And what, finally, was Trollope’s “moral purpose”? It is of course hard to say. Trollope is not a writer from whom one can easily extract formulas. But in her unjustly neglected essay “Trollope For Grown-Ups” (1962), the critic Clara Claiborne Park comes close to the heart of the matter when she describes the novelist as “the laureate of compromise.” Trollope is almost alone, she notes, in telling us “what we need to hear: be reasonable, be moderate, in action, in desire, in expectation, and you will be fairly happy.” This may seem like small beer. But it can be powerful compensation for what Professor Park calls “the desolation caused by naked principle among people.” If Trollope lacked a doctrine to impose as virtue, he came armed with an abundance of experience and psychological insight. As his narrator puts it in ~B, “Till we can become divine we must be content to be human, lest in our hurry for a change we sink to something lower.”
- Trollope: A Biography, by N. John Hall; Oxford University Press, 581 pages, $30. Go back to the text.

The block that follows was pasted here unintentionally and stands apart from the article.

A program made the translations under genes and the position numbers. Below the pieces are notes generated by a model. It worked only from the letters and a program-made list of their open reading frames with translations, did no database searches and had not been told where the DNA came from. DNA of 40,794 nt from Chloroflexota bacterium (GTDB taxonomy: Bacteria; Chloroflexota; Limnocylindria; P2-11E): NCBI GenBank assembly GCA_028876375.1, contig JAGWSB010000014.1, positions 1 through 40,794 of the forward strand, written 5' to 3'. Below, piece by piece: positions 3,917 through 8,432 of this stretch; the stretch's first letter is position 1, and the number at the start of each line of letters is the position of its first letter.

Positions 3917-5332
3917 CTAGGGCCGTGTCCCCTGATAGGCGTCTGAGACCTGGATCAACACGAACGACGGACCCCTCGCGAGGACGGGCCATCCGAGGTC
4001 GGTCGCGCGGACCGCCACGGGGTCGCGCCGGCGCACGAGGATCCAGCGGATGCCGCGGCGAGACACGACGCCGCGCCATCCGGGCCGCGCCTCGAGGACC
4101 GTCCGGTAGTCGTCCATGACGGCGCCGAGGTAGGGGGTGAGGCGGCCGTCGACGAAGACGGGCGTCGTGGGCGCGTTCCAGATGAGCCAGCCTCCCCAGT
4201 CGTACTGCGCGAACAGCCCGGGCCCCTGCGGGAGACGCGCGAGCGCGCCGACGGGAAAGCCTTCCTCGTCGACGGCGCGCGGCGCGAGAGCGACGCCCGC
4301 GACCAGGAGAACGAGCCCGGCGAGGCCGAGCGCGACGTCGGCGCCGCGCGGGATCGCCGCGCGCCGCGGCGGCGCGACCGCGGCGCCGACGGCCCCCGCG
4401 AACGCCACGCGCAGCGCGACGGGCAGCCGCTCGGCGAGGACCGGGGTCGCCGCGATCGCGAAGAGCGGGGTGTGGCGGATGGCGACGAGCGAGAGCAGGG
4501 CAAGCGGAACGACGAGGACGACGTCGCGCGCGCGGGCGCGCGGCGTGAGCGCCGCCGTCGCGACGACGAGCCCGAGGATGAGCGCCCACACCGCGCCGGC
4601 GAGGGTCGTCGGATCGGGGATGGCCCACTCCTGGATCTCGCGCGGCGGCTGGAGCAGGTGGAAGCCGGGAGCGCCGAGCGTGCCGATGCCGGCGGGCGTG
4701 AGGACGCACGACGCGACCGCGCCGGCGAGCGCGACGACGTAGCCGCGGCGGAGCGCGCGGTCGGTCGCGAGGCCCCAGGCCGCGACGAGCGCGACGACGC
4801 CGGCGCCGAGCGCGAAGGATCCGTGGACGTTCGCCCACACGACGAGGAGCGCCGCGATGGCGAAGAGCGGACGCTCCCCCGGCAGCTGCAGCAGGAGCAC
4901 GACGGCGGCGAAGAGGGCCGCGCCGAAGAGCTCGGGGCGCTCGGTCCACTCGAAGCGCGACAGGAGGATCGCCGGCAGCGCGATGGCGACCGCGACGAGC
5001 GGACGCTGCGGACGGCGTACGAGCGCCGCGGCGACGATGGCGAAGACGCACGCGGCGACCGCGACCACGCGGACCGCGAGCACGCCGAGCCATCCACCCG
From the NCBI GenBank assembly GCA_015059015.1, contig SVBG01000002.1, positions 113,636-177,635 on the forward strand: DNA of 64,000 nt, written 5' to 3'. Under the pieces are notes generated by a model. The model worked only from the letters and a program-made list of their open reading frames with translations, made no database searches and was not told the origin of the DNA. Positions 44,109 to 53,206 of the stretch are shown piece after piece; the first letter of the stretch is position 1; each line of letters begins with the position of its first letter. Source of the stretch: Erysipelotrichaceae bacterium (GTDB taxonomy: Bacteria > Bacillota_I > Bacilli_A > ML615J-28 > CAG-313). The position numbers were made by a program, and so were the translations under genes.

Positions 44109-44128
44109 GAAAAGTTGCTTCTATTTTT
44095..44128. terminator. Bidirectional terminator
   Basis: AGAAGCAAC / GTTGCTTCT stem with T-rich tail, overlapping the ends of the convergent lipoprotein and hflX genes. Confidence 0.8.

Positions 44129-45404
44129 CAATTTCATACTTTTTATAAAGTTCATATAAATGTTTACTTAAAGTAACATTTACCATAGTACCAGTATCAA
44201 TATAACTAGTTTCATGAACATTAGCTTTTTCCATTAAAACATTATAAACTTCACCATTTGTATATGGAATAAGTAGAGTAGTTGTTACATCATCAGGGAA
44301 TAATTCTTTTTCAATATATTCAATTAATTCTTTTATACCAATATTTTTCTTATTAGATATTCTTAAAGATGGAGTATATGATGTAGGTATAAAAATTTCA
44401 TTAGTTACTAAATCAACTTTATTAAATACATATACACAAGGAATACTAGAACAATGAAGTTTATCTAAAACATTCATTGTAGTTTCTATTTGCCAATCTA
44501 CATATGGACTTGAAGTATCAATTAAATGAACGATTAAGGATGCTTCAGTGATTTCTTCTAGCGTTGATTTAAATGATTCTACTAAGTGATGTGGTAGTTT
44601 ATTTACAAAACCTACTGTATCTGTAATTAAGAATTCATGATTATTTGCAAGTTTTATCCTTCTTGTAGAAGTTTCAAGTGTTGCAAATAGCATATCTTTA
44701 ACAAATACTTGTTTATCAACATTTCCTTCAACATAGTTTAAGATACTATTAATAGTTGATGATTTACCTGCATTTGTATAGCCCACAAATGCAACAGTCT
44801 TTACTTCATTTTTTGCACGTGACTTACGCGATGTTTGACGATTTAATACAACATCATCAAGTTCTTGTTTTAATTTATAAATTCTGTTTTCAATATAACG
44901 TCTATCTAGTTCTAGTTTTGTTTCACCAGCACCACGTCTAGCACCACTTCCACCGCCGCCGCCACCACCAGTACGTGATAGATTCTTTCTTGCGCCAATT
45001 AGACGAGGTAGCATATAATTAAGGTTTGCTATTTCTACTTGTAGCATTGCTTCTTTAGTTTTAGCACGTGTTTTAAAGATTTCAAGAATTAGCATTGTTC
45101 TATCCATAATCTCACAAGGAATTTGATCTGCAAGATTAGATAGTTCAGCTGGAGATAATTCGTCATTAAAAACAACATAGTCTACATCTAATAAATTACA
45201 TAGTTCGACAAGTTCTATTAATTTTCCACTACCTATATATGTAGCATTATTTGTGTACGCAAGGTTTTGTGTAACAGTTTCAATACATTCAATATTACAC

- And there can be no doubt that his popularity is enduring. Not only does Trollope continue to be much in demand among readers but he has provided attractive provender for numerous books. Apart from myriad critical studies—among which James R. Kincaid’s The Novels of Anthony Trollope (1977) deserves special mention—the last twenty years have seen the publication of a biography by James Pope Hennessy (1971) and an illustrated “appreciation” by C.P. Snow (1975), as well as Robert Super’s The Chronicler of Barset: A Life of Anthony Trollope (1988) and Richard Mullen’s Anthony Trollope: A Victorian in his World (1990). According to Professor Hall, another biography, by Victoria Glendinning, is on the way. Go back to the text.
- “Quiverful”? Alas, yes. Among others one encounters in Trollope’s pages are Dr. Pessimist Anticant (a crude caricature of Carlyle), Mr. Popular Sentiment (Dickens), the rich parvenu Sir Damask Monogram, a musician named Blowhard, and a doctor named Fillgrave. Sometimes such fanciful names are amusing; sometimes, one feels that Trollope was not as subtle as he might have been in naming his characters. Go back to the text.
This article originally appeared in The New Criterion, Volume 10 Number 7, on page 10